Skip to:

Home » Tags » student voices

student voices

Reflection on Commencement

Throughout graduate school, I consistently heard from recent graduates that turning in the final copy of your dissertation—one of the most significant educational milestones—is one of the most anti-climactic. I always thought, “No, that’s not how it will be for me! How is that even possible?” And then I found myself in the basement of Rackham. I was turning in my dissertation and, much to my surprise, was underwhelmed with emotion. It felt comparable to turning in a small homework assignment and receiving a piece of paper with a “gold star” in return. As a graduate student, it is easy to lose sight of the big moments, and if you don’t intentionally make a point to celebrate them, no one will.

Dealing with Death: An "Out of This World” Ethic of Care

This past month has been rough. I have lost a father, a mentor, and a staff member in my department in the span of three weeks. These three deaths were soul-crushing, inviting me to consider what it means to deal with sorrow and despair while managing an array of expectations and demands.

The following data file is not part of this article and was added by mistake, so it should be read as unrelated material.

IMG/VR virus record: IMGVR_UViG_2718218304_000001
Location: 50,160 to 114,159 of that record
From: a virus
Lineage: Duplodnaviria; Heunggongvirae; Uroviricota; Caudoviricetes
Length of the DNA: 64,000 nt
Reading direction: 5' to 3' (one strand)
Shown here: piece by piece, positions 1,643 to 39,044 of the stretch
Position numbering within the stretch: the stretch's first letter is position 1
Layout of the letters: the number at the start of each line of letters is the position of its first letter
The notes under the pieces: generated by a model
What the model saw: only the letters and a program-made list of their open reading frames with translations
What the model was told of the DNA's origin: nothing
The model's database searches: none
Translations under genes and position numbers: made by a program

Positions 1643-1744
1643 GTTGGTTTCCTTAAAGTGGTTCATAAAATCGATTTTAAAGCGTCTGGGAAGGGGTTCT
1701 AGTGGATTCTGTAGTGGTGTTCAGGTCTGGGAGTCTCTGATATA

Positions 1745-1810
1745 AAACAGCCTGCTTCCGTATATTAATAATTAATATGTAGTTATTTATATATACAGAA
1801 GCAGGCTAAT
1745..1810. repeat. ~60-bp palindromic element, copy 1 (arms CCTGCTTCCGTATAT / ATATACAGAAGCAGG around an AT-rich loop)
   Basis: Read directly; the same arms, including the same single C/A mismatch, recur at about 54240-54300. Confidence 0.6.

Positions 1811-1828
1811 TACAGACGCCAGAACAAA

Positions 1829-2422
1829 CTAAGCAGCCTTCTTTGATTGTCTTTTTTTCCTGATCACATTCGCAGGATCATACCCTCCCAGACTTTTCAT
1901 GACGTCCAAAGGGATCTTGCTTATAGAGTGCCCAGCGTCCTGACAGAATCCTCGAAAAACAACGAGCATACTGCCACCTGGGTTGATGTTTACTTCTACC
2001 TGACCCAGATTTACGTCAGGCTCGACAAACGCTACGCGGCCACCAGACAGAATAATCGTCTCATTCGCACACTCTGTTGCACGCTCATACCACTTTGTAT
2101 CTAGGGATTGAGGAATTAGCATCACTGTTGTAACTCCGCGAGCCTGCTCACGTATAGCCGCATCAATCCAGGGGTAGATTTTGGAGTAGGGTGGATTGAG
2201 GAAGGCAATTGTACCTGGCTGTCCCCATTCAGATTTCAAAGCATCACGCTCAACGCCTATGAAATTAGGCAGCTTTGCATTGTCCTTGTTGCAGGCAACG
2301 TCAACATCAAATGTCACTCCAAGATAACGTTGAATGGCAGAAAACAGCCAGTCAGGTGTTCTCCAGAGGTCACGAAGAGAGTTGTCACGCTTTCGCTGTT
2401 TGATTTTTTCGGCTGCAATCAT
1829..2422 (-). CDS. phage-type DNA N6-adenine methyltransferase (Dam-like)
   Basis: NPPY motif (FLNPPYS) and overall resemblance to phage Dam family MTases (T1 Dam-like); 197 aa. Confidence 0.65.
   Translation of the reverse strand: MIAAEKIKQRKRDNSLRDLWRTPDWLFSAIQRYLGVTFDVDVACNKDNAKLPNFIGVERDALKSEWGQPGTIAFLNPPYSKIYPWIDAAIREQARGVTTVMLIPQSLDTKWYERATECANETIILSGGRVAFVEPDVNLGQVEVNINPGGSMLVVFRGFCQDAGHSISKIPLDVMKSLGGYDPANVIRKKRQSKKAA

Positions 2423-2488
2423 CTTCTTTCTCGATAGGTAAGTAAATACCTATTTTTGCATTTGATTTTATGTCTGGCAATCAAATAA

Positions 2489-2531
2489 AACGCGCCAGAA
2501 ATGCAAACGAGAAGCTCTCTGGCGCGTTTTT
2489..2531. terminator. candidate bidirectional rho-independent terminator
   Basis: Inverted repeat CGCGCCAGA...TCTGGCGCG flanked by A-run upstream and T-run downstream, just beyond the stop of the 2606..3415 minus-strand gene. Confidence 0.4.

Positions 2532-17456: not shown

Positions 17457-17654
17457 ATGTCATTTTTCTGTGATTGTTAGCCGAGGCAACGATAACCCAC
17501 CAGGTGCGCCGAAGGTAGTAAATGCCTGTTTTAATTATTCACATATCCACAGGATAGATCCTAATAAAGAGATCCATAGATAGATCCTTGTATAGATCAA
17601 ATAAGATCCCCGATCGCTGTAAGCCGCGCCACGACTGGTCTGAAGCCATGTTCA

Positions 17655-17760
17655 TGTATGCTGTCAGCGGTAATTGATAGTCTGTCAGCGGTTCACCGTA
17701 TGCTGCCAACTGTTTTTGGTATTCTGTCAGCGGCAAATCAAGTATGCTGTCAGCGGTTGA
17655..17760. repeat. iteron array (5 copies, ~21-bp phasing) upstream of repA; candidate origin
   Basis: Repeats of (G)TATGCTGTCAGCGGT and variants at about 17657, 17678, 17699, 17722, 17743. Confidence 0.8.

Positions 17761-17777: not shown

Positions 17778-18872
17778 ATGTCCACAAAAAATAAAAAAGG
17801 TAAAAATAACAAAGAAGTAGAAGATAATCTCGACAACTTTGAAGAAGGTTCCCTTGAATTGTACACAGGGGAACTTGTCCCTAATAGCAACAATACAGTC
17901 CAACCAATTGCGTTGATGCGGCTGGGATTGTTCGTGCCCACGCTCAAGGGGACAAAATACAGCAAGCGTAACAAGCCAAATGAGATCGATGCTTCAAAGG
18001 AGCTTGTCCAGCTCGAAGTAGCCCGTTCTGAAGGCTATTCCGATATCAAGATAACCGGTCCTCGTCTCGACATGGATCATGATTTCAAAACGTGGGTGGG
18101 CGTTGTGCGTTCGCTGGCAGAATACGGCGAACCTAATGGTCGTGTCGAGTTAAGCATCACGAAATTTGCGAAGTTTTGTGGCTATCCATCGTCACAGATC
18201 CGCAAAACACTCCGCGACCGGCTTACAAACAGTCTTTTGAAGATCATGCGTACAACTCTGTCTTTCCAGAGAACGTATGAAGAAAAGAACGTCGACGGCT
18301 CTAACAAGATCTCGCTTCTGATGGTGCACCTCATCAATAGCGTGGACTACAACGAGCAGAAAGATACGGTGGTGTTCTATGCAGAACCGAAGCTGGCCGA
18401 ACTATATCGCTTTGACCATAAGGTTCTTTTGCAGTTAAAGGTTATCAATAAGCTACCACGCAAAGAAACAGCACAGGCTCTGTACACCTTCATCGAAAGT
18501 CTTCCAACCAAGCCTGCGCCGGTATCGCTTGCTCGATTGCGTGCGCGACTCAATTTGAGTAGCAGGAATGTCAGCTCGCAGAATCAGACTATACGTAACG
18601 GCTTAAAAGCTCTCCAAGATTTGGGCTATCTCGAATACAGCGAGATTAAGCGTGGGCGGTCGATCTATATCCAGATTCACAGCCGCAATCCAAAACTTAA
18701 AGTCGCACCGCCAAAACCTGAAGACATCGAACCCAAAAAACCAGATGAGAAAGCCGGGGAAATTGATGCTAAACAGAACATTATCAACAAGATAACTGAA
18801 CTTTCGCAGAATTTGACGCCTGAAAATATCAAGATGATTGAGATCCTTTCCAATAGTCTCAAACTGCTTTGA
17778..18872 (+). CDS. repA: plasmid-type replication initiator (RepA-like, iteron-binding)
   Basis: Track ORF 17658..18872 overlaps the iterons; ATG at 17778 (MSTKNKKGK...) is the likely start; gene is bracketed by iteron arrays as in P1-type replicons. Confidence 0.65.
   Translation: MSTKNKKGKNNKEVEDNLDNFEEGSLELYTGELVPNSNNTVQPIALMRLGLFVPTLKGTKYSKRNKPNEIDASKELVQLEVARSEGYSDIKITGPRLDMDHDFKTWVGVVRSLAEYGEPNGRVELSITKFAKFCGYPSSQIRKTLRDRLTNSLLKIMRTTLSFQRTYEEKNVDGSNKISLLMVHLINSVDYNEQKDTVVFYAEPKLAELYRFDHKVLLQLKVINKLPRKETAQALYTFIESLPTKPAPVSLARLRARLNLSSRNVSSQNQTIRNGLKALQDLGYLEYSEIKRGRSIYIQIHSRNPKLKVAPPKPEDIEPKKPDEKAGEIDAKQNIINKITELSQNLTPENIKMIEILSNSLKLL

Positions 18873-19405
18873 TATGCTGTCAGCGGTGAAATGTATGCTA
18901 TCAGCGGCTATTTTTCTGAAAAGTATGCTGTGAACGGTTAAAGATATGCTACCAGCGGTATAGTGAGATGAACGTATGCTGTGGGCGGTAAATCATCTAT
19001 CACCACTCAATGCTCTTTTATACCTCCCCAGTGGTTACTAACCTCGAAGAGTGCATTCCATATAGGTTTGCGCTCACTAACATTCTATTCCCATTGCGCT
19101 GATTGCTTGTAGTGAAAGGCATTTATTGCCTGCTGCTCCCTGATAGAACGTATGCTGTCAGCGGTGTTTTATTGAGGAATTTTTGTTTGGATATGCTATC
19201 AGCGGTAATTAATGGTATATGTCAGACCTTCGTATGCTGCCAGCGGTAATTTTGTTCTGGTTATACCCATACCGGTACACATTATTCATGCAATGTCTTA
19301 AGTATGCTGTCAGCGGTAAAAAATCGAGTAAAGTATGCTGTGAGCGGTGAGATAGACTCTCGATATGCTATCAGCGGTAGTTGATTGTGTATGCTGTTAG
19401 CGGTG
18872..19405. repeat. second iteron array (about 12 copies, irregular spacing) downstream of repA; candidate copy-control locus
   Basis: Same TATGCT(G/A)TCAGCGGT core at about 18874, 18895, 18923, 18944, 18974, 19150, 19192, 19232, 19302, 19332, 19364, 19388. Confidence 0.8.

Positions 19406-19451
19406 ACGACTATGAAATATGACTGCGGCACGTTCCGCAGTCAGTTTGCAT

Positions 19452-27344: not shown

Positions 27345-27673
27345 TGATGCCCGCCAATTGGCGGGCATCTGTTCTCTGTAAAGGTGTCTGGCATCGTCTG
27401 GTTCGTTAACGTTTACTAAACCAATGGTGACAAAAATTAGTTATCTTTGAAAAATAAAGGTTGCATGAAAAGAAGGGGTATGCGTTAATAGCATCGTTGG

This blog piece asks a question that continues to gnaw at my mind and heart: How do we unplug in order to spend time processing sorrow amidst the chaos of deadlines, milestones, and obligations?

I am concerned.

Journey Through the Dissertation

Earlier this semester, I attended a writing workshop organized by Jacqueline Stimson, who is not only my cohort-mate in the Department of Classical Studies, but also a very skilled writer and someone who has thought (and continues to think) deeply about the process of writing. She organized this panel with two of her colleagues from the 2016 Rackham/Sweetland Dissertation Writing Institute (DWI)—Sarah E. Erickson (Communication Studies) and Kelly E. Slay (School of Education). As an aside, I can say from personal experience that the DWI provides wonderful support and training for people in the dissertation process. I participated in the program in the summer of 2015, and I benefited a great deal from the structure, collaboration, and feedback that I received.